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Which is the best way to finance a used car — through a bank or through a dealer? Will you get a better interest rate going directly through a bank? Will the dealer give as good of a deal if he does not get a cut on the financing?

Comments

6 Responses to “Is it better to finance a used car through a bank or through a dealer?”

  1. ScienceChic on July 27th, 2011 11:10 pm

    bank. lower interest rates, not vying for your money (well, not as bad as car dealers since the economy is being notoriously down)

  2. Robert W on July 29th, 2011 10:01 am

    Come in with your own financing. The dealer will use the fact that they’re financing against you. They won’t give you a “great” deal on the price of the car AND “great” financing terms.

  3. Eric B on July 31st, 2011 3:30 am

    Ask to see their rate sheet so you know you’re not getting held on. They get these sheets from the banks faxed to them every week or so.

  4. brighteyes on August 1st, 2011 10:33 am

    Banks tend to offer lower interest rates, but sometimes dealerships will have special offers. Shop around for the best deal. The best rate will depend on where you go.

    Here’s a link to help you with financing:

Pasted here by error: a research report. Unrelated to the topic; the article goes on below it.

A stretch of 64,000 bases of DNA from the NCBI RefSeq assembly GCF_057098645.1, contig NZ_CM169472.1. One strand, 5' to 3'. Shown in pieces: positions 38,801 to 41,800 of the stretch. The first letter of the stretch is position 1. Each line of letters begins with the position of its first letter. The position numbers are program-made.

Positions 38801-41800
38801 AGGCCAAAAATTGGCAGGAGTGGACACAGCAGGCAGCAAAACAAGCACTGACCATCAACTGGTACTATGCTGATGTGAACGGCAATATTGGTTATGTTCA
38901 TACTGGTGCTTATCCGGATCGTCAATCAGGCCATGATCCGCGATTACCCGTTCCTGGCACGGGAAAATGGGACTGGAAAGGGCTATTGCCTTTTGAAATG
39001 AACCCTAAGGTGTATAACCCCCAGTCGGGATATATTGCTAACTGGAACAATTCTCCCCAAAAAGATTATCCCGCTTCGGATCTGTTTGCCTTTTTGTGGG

5. http://Financeinformant.com on August 1st, 2011 4:01 pm

    generally banks will give you a lower finance rate over dealers however, it will be slightly higher than a new car loan because its a used car.

  6. Scott D on August 2nd, 2011 8:55 pm

    There’s no right or wrong answer to this question. The best thing you can do is shop around and weigh your options.

    Generally speaking, if you can find financing from a source other than the dealership, be it a bank, credit union or consumer finance company, you’re likely to wind up with a better interest rate.

    In the interest of disclosure, I happen to work for FirstAgain, an online consumer lender, and without hesitation I can say that our auto loan rates are far superior to what you’ll be offered at a dealership.

    But the lowest interest rate doesn’t always translate into the best overall deal. Naturally, the dealership wants you to use the in-house financing option, so they may be inclined to sweeten the pot by offering to lower the sale price or include upgrades at no extra charge in exchange for your agreeing to finance through them. In that sense, you can potentially use financing as leverage to create a better overall deal for yourself.

    So really it all depends. Like I said upfront, the best decision you can make is the decision to shop around and consider all available options. That’s the surest way to wind up with the loan that’s best for you.

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